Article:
By now you’ve heard of Content Marketing programs and know of the value behind those programs — to increase web traffic and magically make your business money. The problem with online content marketing is that businesses either still operate under old school SEO principles, or they’re just shooting in the dark. Let’s take a look at why content marketing programs fail, and what you can do to create a strategy that takes your traffic from Barry Allen to Flash (5 points if you understand this comic book nerdism).

Bad Content Marketing

What is bad content marketing? My initial thoughts on bad content marketing are old school SEO guided articles. On occasion you’ll still find these gracing some top spots in Google, but they’re on their way out. You can recognize these old school SEO articles by their robotic language, ridiculous use of specific keywords in every heading and paragraph, and no regards for entertainment or real value. My personal favorites are the ones that are clearly written by non-native english speakers, and the ones that are being optimized for misspelled keywords. Yes, I would love to learn the “10 Best Ways to Increase My PCP Marketing.” By the way, I’m very excited to see all of the great “PCP Marketing” traffic that reaches this page from the inclusion of that keyword. Here’s one more instance of “PCP Marketing” just for fun 😉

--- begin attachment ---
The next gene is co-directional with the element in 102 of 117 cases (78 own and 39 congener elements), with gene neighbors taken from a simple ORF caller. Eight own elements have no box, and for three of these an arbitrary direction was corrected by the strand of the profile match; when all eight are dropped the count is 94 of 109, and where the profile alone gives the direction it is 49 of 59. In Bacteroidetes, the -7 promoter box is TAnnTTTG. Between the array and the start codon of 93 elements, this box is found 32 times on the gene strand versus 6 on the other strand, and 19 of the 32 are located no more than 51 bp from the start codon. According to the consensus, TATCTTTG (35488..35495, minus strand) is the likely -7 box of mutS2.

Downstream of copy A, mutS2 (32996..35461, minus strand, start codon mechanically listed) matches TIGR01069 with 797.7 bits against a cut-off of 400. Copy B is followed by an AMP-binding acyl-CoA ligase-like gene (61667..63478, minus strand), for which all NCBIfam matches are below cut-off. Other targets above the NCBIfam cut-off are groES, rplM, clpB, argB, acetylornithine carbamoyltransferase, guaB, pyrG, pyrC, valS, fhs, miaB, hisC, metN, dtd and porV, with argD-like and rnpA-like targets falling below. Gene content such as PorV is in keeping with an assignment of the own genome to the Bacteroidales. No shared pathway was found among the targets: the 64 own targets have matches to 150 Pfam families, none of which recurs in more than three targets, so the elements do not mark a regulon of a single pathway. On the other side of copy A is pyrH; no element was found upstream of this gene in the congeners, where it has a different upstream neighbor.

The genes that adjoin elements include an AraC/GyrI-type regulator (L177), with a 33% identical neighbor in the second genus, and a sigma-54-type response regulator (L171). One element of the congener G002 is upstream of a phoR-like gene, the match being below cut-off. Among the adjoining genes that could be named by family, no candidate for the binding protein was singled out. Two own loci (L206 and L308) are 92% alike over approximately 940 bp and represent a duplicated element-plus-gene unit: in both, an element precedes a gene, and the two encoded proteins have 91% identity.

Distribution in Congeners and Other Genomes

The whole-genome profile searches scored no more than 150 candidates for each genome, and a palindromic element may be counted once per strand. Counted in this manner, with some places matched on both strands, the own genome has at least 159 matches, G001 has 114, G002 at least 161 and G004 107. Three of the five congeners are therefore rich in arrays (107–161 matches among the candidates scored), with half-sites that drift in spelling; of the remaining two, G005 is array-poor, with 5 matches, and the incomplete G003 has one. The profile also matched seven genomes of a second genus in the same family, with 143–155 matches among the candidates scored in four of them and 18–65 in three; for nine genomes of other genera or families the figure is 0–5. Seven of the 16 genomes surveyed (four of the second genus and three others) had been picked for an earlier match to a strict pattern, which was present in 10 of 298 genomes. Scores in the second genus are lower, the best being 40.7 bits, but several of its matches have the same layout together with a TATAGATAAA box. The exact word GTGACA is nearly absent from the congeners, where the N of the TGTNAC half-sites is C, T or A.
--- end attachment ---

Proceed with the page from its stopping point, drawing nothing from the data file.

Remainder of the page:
Other examples of bad content marketing strategies are either not having a plan in place or siloing your content to only one specific niche area. The latter was also very popular in the “SEO glory days,” and is still commonly used. I do my best to urge businesses to think outside of their bubble. An example of creating a silo is writing purely about a single topic. Just because you provide Cybersecurity Services, does’t mean every single article you write has to be about cybersecurity. Other SEO and content marketing experts may argue against me, but hey, different strokes for different folks.

Here’s why I urge businesses to break outside of their bubble. As an individual, I may be interested in a topic like Ghost Busting, but it would be a mistake for a Ghost Busting application to only write about that one concept. Why? Because I have other interests as well. One day I may be interested in learning about Ghost Busting best practices, the next how effectively drop kick goblins, and the next I may be interested in puppies wearing funny costumes. People are infinitely complex and so are their interests. Creating a more broad range of content allows you to keep your audience engaged with fresh ideas, to branch out and build audiences across different areas, and build a more effective lead acquisition funnel.